Connected home – show me the money?!

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By Jon Carter, UK Head of Business Development – Connected Home, Deutsche Telekom.

A new report by Deutsche Telekom, ‘How to create growth from the connected home’, sets out the key business opportunities and associated models, which will enable a broad range of industries to create new value.

DT’s report outlines a number of different spaces, from home security and connected insurance to energy management and prognostics, and how Europe’s telcos, utilities, retailers, insurers, warranty providers and home assistance providers, as well as appliance and consumer hardware manufacturers can exploit them to capture new revenues.

chart: connected home installed base EU and NAM 2013-2019
Connected home installed base EU and NAM (2013-2019)
Click to enlarge
According to Strategy Analytics, the number of households with some form of smart home system will surpass 100 million worldwide by the end of 2015 and nearly triple in the next ten years’ time to over 300 million. The challenge facing many of the industries listed above is that although this trend will create a very compelling growth opportunity, it also represents a very real threat. This whole technology trend is set to create immense flux, some industries will be upended, new players will enter and disintermediate today’s major players, and value will shift from one sector to another. One of the many insights in the report is how companies will need to focus on selling services rather than consumer hardware, which will impact existing business and operating models, margins and routes to market.

Here let us examine three industries with a compelling interest in the connected home.

1. Telcos can lead the way
Telcos are perfectly positioned to establish ecosystems of third party manufacturers and service providers – leveraging their ownership of the broadband router.

The connected home is a natural extension of the telcos’ quad play offerings. For integrated operators that provide customers with a broadband router or TV set-top box, it is an obvious next step. In the near future, operators won’t just be providing in-home Wi-Fi connectivity, but will also be connecting the majority of their home devices and domestic appliances to the internet.

2. Insurer incentives
There is a particular urgency for home insurance companies to act, as firms in adjacent markets are ready to take a greater role in setting policies and bring more agile business models to the market.

The connected home will provide insurers with more reliable data for risk management, and more real-time data. The most frequent claims are the same across much of the world – water leaks, smoke or fire damage, and burglary. When technologies monitor a home, some of these traumatic events can be identified and prevented. For instance, innovations in water flow meters coupled with analytic software ‘in the cloud’ have the potential to reduce risks, such as a collapsed ceiling as a result of a leak.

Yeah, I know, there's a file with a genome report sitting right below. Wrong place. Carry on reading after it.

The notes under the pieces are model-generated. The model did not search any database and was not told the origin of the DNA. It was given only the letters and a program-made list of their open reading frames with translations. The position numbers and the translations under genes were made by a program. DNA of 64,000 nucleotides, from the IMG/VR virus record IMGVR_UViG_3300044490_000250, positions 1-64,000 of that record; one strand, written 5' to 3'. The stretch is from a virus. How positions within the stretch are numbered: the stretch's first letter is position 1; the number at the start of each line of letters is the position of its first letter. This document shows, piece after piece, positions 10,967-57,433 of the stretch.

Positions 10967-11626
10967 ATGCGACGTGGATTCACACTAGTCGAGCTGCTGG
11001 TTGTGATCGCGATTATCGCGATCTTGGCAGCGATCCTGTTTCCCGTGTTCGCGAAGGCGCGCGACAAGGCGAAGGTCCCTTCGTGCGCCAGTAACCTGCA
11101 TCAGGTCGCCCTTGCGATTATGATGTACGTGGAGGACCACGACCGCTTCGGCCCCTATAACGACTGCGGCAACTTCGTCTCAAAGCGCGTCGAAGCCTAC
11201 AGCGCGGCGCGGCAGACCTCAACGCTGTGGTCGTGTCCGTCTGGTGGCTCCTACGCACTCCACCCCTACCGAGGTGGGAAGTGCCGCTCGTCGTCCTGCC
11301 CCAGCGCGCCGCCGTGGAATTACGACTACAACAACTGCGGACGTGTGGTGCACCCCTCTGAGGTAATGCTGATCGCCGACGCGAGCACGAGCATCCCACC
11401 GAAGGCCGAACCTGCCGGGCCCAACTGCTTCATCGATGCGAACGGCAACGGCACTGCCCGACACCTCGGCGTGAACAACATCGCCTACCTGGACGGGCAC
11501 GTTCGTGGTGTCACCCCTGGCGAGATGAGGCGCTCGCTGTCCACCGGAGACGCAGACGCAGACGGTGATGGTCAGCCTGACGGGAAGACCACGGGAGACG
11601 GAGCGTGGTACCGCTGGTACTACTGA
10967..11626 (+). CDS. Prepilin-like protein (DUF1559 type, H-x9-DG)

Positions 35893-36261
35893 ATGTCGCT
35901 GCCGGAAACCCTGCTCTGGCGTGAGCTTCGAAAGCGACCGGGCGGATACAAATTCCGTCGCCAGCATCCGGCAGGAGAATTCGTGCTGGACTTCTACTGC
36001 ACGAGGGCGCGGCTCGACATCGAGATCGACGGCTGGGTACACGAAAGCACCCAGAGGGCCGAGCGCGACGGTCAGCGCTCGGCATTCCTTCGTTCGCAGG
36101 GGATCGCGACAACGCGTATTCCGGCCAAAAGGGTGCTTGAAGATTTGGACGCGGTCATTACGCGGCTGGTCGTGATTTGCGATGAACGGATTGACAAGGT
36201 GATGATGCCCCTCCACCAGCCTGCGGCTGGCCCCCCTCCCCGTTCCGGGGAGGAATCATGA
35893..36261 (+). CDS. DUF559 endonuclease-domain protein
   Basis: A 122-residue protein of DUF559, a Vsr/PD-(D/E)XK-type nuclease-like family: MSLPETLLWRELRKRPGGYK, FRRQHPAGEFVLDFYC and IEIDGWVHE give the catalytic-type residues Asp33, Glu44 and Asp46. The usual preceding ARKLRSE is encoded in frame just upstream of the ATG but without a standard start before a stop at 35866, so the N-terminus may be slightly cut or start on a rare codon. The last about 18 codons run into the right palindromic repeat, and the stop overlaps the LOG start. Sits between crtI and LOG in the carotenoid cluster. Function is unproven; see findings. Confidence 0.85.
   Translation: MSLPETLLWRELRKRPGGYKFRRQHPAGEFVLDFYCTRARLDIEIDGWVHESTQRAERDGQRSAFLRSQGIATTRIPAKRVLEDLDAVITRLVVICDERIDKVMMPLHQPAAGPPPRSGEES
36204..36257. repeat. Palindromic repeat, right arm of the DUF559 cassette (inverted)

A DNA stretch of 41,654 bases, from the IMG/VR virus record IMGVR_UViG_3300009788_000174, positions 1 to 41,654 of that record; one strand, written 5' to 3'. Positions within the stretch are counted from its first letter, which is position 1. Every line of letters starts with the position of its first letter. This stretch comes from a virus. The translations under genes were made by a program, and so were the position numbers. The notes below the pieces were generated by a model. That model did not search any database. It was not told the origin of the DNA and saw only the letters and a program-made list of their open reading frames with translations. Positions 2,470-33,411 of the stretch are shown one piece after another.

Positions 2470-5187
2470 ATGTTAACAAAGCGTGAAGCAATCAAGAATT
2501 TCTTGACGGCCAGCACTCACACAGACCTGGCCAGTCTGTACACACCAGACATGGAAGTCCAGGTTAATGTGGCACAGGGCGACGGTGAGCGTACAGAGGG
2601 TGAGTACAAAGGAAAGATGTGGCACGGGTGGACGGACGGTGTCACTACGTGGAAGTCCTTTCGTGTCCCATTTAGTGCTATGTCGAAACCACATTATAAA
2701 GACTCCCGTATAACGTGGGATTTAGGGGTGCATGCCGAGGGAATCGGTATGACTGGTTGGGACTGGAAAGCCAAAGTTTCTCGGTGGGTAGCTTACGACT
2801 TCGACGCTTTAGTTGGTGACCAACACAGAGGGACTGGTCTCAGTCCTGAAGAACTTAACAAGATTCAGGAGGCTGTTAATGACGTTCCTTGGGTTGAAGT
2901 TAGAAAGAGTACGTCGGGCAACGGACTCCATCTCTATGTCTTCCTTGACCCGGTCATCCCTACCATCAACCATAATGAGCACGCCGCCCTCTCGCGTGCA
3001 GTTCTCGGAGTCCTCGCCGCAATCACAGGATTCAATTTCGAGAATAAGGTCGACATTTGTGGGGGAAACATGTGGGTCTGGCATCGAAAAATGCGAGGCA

3. Strategies for utilities
Home energy management services (HEMS) enable utilities to create a positive engagement with their customers, through the visualization, monitoring and control of energy use. Smart thermostats and data from other connected home technologies represent a compelling opportunity for utilities to help consumers better manage their energy costs, while exploiting new commercial models.

Open for business: Deutsche Telekom´s Connected Home platform
One of the greatest challenges facing firms seeking to enter this market is the lack of common standards and architectures, as well as a lack of openness in terms of the APIs between platforms. To overcome this, Deutsche Telekom has built an open white label platform which enables partners to rapidly integrate connected devices and create new services, leveraging the Eclipse SmartHome open source developer community.

connected homes : smart devices at homeExploiting the open ecosystem, partners can play to their core strengths, benefit from multiple synergies, discover new routes to market, deepen consumers’ loyalty to their brand, capture device data and create new growth for their business.

Deutsche Telekom’s platform has integrated more than 35 partners, including Philips, Osram, Miele, Sonos and Samsung, and in addition to being offered by Telekom Deutschland in Germany, is also supported by major utilities, such as EnBW and Vattenfall

Now is the time to join forces
Now is the time to join forces, combine industry-specific knowhow and drive the connected home forward to realize new growth for Europe. The connected home growth opportunity is real and presents a significant opportunity for a diverse range of industries. The key to success for the future is to maintain an open, agile and flexible course.

Visit www.connectedhomeplatform.telekom.net for more information and iotbusinessnews.com/white-papers to download the report
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